New EPC Regulations for Landlords in 2025

News at Cameron King | 30/03/2022

The Government has recently proposed new Energy Performance Certificate (EPC) regulations that will change the Minimum Energy Efficiency Standard, it's planned to take effect in 2025 and will impact domestic rental properties in England and Wales.

Currently, the minimum energy efficiency standards (MEES) allowed for rented properties to have a E rating on their EPC. However, the new EPC regulation will mean that from 2025, a rented property will need to have a certification rating of C or above. The changes are to ensure homes are more energy-efficient and reduce carbon waste, progressing towards the Government's net-zero targets.

Houses in the UK are generally older than in the rest of Europe and considerable improvements can be made to the energy efficiency in our homes. Such changes will upgrade the EPC rating for private sector homes, reduce energy bills and increase comfort for tenants as homes will be warmer, whilst focusing on reducing the delivery of the statutory fuel poverty target of EPC's by a deadline in 2030. However, these changes will be phased in, starting with new tenancies from 2025 and then all tenancies from 2028 and will apply to all domestic and private rental properties on a lease between six months to 99 years. Indeed, should you not comply, you could face penalties of up to £30,000.

What is an EPC rating? The EPC rating was first introduced in 2007 in both England and Wales. The Energy Performance Certification rates a property's energy efficiency on a scale from A to G, A being the most efficent and G being the least efficient. For domestic and private rental properties it's the responsiblity of the landlord to provide tenants with an EPC rating and at the moment landlords need to get a new EPC every 10 years. Aiming for a low EPC rating can mean lower energy bills and reduce your carbon footprint making your property more attractive to potential buyers and tenants.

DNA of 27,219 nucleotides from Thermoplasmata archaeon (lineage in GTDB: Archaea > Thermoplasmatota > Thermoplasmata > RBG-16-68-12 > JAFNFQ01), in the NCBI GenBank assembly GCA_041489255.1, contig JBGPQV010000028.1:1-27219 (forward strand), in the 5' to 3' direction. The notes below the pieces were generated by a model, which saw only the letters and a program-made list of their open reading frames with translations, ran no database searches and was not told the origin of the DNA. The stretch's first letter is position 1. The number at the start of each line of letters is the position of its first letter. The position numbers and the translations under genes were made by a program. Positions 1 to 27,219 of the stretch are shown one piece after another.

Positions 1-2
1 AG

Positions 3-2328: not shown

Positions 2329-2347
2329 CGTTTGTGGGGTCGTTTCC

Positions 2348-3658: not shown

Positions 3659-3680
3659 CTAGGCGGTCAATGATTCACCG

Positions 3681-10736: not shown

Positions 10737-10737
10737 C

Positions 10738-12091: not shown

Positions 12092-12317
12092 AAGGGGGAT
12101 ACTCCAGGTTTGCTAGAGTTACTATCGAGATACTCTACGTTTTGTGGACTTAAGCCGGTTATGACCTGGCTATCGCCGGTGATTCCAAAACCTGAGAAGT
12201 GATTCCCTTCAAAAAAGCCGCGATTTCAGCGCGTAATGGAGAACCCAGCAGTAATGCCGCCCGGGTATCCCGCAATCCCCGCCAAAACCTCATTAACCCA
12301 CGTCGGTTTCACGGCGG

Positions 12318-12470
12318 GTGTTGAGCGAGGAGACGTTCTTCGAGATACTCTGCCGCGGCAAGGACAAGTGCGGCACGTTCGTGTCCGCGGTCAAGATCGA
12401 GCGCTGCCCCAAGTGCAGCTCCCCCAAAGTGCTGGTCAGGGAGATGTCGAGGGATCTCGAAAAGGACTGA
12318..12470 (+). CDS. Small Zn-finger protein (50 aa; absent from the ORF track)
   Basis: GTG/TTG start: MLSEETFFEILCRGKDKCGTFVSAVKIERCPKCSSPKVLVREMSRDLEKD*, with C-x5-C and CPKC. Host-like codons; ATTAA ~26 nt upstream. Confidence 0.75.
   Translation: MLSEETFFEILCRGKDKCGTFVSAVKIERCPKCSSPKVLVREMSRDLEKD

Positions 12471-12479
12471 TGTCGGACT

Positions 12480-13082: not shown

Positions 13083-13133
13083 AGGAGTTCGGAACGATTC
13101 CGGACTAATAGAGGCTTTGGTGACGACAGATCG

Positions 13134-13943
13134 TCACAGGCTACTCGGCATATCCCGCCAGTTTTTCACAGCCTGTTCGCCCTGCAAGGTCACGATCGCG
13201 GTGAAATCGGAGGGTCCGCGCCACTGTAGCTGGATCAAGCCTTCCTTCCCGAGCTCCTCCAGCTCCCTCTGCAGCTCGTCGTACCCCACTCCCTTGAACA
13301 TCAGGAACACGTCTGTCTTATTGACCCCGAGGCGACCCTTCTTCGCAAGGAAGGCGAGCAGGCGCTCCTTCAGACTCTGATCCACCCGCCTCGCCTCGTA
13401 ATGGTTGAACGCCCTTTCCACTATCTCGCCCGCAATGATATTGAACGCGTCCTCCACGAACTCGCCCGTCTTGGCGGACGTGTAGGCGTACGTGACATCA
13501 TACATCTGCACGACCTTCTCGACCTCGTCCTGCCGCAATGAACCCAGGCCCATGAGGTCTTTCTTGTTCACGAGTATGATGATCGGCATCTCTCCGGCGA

How will these new EPC regulations impact landlords? Having to jump from a minimum E rating to a C rating can potentially cost landlords thousands. Landlords will be expected to pay for either insulating their properties to retain heat or use other 'fabric first' features that can help improve heating and lighting. Under the new EPC regulations, if you want to advertise your property for rental from 2025 and onwards, you'll be required to give lettings agents an updated and compliant EPC for the property they are advertising. You will not be able to advertise your property if it does not have a rating of C or above.

After the consultation on 30th December 2021, the Government announced that there will be changes to the minimum energy efficiency standards for England and Wales only. All rental properties will need a minimum EPC rating of ‘C’ or above by 2025. The new regulations will start with new tenancies first, followed by all tenancies by 2028.

What landlord's need to do to improve their rating? Firstly, you’ll need to prepare, especially if your rating is at E to G. You can start by making sure that you have done the following to improve your EPC rating:

1. Improve your lighting to LED light bulbs

2. Insulate the walls and roof

3. Improve windows with double or triple glazing

4. Install an energy-efficient boiler

5. Use a smart meter

Generally investing in renewable energy will help to improve the EPC of your rental property, especially using products such as solar panels and ground-source heat pumps.

What financial help is there to help fund the new EPC regulations? Improving and upgrading your energy sources can be costly. Some landlord associations and regulatory bodies are calling for financial support to help landlords make these improvements to their rental properties.

The Association of Residential Letting Agents (ARLA) believes that the new rules and requirements may not be realistic or achievable for many landlords to meet the standards required.

Landlords and their letting agents have already been impacted by tax changes, and some are struggling to find support to tenants who have covid-19 related arrears.

The ARLA is concerned about the financial impact on landlords and its meaning there will be less rental properties available to tenants who need it.

Now that the consultation stage is complete and the changes to the minimum EPC rating is confirmed, landlords can start working to improve their rental properties EPC rating. You can keep up to date with current EPC guidelines on the government website.

Should you be unsure of the requirements and the changes being proposed, please don't hesitate to contact our Lettings team today on 01628 667442 or by email at